By Joanna Slater and Niha Masih
NEW DELHI — A grayish haze filled the park as the yoga practitioners gathered for their daily exercise early Thursday morning. Anywhere else the haze might have been fog or mist, but Delhiites know better: For the second time in as many weeks, the smog was so severe that the city took the emergency step of closing schools.
But the yoga devotees saw no reason to stay home — and no reason to wear anti-pollution masks. “I’ll look like a fool if I wear a mask,” said R.L. Khattar, a 92-year-old resident of a nearby lower-income neighborhood, prompting laughter from the others. Delhi’s bad air had given him a recurring cough and feelings of breathlessness. But a mask makes Khattar feel “claustrophobic.”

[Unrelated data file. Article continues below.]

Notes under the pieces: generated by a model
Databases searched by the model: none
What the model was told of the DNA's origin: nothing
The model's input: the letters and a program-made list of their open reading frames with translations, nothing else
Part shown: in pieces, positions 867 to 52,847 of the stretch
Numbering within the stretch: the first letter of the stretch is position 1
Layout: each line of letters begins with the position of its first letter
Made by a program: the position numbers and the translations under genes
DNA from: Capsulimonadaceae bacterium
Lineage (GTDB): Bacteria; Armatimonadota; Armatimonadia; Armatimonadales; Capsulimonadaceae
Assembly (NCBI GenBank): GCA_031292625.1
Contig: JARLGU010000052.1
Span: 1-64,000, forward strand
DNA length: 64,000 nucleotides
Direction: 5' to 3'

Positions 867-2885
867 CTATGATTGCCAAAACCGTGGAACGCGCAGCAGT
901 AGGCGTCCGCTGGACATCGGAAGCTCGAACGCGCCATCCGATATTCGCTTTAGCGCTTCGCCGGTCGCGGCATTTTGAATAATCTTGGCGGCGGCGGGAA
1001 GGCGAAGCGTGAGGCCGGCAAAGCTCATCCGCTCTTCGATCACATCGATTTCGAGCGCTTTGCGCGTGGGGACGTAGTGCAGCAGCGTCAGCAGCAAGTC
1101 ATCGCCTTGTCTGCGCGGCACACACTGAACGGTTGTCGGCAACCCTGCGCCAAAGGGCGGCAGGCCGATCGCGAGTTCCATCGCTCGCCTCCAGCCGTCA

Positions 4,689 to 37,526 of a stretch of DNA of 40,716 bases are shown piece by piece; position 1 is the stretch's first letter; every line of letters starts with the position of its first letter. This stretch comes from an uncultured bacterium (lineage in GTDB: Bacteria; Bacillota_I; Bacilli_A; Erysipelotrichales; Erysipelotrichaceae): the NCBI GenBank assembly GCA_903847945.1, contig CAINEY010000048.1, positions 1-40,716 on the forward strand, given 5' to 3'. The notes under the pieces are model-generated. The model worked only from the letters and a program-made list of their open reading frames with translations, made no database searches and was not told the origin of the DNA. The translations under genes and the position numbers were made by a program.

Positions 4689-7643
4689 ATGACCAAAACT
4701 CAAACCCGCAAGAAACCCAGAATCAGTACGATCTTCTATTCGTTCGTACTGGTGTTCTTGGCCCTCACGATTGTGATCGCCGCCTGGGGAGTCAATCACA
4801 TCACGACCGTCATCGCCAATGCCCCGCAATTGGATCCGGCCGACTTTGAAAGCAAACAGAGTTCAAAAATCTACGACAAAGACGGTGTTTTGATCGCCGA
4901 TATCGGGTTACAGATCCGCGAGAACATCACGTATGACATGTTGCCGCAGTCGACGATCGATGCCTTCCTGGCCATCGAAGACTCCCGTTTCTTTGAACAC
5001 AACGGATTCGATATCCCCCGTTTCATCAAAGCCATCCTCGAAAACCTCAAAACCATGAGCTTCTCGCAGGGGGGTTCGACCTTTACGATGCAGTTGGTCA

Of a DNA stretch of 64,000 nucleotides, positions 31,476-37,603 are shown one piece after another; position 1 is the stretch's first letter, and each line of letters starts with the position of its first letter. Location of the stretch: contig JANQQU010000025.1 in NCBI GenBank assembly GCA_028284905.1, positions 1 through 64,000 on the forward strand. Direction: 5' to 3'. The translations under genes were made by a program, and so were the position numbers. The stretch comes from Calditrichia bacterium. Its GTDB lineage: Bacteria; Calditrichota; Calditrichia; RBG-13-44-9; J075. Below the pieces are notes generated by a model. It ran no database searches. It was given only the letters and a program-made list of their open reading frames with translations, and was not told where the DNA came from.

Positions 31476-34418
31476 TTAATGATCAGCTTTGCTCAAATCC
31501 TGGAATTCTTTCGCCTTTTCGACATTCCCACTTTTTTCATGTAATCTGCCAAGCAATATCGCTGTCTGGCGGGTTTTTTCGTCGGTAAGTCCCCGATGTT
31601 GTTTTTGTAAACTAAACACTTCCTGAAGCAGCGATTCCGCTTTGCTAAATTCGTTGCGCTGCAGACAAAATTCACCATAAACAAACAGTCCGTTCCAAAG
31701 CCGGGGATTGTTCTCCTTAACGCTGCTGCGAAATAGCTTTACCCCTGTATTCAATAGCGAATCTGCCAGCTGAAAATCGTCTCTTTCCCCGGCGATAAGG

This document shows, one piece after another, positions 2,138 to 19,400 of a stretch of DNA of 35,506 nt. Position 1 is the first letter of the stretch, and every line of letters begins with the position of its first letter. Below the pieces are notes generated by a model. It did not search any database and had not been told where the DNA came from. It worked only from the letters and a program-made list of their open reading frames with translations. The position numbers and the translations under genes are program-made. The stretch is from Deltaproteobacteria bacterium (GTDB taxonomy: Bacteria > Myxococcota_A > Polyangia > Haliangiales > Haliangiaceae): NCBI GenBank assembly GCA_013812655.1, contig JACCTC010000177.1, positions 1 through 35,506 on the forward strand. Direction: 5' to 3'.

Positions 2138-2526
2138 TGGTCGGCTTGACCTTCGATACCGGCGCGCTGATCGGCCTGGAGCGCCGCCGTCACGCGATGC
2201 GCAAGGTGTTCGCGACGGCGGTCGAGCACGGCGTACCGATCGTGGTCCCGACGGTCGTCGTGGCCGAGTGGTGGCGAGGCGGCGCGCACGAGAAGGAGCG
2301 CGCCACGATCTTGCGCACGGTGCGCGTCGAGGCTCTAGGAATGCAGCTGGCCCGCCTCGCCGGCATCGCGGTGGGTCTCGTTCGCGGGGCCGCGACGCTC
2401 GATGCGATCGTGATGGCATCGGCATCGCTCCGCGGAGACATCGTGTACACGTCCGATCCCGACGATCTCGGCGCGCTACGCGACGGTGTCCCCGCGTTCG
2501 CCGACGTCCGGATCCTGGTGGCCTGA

Standing nearby, Prem Gupta, 52, concurred. No one in his family wears a mask, including his children. “Pollution won’t stop if you wear a mask, so what’s the point?” he asked.
Researchers at the University of Chicago conducted surveys around mask-wearing behavior among 3,500 of Delhi’s poorest residents. They found that the awareness of the harm pollution causes is still relatively low and that social norms may discourage people from wearing masks.
Even if local and federal authorities take strong actions to combat Delhi’s bad air, it “would take a number of years for pollution to come down,” said Kenneth Lee, one of the researchers. “In the meantime, defense is sort of important.”